Preserving jobs will remain the most important task in 2020 and beyond as the Eurozone’s economy has stalled, Hungarian Prime Minister Viktor Orban said in his state of the nation address on February 16.
The annual address is where Orban sets out his vision for Hungary and overarching policy priorities. Last year, he unveiled a string of family support measures, which marked the start of his campaign rally for the 2019 European Parliamentary elections.
This time, in his 22nd annual speech, the prime minister looked back on the last ten years of his government as the most successful ten years for Hungary in the last century.
"Hungary is still here 100 years after the Trianon Peace Treaty, which formally ended the First World War and set the new borders," he said. The country retained just 28% of the 325 square kilometres of land that had constituted the pre-war Kingdom of Hungary and only 36% of the population. Trianon remains a deep wound for most Hungarians.
Orban said Hungary was now finding common ground with its neighbours and was in a position to engage in broad cooperation and form alliances with them. The PM is in a delicate position, as he needs to please hardline nationalists and build up cooperation with his Visegrad Four partners and neighbours Romania and Serbia at the same time.
Orban listed the economic successes of the past decade, when his government took over a bankrupt country. We have "sent the IMF home, managed to pay back the loans early, created 850,000 jobs, put the country’s finances in order and launched schemes to help a reunification of the nation".
Investments in Hungary and exports both hit record highs last year, he said, noting that Hungary ranks 94th in the world in population size and 34th in terms of its export volume. As in previous years Orban targeted Eurosceptic voters by lashing out at the Brussels elite. "Over the past ten years we also learned that Europe is not in Brussels, Europe is us, and we don’t have to please the tired Brussels elites," he said.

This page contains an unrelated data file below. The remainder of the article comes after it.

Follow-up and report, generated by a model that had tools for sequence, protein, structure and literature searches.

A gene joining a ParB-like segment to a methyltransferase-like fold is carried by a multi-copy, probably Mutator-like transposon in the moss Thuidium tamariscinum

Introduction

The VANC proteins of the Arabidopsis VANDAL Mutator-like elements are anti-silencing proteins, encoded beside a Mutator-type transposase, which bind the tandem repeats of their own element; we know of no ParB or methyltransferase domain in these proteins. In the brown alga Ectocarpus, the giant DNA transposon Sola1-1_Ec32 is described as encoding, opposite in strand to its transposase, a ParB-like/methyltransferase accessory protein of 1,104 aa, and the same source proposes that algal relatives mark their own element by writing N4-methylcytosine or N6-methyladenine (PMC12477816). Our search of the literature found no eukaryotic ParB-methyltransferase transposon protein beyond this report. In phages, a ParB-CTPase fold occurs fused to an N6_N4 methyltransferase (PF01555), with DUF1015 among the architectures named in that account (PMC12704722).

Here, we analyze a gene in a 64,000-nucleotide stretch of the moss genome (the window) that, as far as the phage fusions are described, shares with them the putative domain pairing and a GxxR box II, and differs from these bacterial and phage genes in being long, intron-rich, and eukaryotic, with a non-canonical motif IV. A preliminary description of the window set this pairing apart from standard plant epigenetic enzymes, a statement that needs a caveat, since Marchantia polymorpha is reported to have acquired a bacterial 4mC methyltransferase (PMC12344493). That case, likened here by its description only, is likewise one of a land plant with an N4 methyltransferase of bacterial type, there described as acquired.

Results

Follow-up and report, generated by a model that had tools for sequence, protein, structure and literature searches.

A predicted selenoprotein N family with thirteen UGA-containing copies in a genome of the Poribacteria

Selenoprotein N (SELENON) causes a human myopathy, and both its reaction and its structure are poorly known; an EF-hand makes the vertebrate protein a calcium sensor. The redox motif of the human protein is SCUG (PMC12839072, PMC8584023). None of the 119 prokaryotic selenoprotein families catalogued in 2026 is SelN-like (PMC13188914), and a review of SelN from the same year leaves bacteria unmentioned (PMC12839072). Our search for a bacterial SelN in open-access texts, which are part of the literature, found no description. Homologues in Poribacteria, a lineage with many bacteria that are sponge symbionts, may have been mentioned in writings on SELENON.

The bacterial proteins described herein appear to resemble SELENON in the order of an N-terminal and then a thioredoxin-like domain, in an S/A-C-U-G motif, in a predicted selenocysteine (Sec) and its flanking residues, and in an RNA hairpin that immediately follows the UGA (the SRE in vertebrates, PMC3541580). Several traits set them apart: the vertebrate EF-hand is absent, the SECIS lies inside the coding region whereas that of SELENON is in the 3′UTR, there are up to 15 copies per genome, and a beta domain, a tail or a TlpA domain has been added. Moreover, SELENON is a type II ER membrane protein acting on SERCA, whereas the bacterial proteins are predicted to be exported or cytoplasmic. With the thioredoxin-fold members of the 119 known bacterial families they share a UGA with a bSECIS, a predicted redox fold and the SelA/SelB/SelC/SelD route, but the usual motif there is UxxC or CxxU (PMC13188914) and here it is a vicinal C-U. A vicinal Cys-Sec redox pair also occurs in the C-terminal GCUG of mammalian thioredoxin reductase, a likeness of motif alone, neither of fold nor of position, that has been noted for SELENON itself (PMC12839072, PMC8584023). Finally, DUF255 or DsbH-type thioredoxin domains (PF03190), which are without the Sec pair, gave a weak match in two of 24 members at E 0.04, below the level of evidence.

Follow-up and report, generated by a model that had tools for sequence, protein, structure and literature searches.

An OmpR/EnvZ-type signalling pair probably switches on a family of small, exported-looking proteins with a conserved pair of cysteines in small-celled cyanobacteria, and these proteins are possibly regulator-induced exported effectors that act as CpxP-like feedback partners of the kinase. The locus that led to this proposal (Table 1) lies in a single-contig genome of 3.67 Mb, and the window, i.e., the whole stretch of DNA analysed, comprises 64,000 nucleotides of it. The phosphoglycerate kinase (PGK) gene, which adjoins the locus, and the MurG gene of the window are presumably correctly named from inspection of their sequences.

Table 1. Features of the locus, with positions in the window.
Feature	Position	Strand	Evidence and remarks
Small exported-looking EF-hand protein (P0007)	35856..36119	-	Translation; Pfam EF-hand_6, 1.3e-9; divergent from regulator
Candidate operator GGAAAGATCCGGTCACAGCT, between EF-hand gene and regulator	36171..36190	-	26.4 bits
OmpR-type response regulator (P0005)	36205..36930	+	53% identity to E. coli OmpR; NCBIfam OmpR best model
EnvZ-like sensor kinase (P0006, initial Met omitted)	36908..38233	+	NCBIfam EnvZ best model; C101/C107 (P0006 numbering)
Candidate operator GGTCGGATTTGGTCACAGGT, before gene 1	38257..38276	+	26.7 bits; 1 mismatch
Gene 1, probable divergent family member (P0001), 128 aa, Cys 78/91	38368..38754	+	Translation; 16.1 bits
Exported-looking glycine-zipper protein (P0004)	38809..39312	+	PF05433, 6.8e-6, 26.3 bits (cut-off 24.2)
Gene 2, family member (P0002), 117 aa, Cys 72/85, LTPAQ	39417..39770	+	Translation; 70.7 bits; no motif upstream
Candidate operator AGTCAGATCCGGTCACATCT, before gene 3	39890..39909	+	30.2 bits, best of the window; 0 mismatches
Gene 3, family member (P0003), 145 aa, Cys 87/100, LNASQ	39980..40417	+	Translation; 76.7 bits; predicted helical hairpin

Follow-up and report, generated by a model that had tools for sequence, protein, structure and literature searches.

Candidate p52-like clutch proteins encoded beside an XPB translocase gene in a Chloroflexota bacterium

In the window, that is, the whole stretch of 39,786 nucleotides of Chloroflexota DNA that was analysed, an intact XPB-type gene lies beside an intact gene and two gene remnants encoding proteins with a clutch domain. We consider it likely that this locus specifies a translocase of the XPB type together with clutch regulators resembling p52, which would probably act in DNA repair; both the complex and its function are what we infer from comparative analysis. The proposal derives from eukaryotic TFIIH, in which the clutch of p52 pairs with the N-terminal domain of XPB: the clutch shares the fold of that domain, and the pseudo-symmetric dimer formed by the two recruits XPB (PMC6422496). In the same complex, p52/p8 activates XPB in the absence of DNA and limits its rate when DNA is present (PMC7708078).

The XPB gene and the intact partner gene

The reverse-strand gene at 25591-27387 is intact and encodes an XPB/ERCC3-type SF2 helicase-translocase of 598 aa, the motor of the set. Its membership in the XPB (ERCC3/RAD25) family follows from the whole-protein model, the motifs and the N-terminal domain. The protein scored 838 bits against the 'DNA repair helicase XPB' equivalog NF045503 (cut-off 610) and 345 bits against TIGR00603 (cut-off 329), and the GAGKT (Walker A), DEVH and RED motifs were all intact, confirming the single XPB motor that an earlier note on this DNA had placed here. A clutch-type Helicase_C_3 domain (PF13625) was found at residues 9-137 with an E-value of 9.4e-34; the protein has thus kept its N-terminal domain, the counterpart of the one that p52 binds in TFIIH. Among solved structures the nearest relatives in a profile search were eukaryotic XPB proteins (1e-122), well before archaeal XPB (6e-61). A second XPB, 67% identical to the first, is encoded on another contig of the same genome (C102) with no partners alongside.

Orban gave an overview of the family protection measures announced a year earlier. More than 100,000 families have subscribed to the general purpose interest-free baby support loan since July, which lifted banks’ lending stock by HUF460bn (€1.4bn), 20% of the total HUF2.4 trillion in new retail outlays in 2019. Last year the government gave lifelong exemptions to mothers with at least four children from the personal income tax and gave HUF2.5mn subsidies for the purchase of seven-seat cars for larger families.
Speaking about the future, he said his government would like to expand these measures but that will depend on financing.
Orban said serious steps needed to be taken to maintain the achievements of the last ten years because “a climate crisis is looming, the population is declining and dark shadows are hanging over Europe’s economy”.
"Europe’s economy has stalled which means that their problem is our problem as 85% of Hungary’s exports go to the EU27. Hungary must focus its efforts in 2020 and in the years to come on retaining jobs," said the prime minister. Orban pledged to cut payroll taxes and taxes on small businesses.
Orban highlights green programme
The Hungarian PM unveiled detailed climate protection plans, saying fighting climate change is a patriotic task of a Christian democratic government. This may have been the most surprising element of Orban’s speech.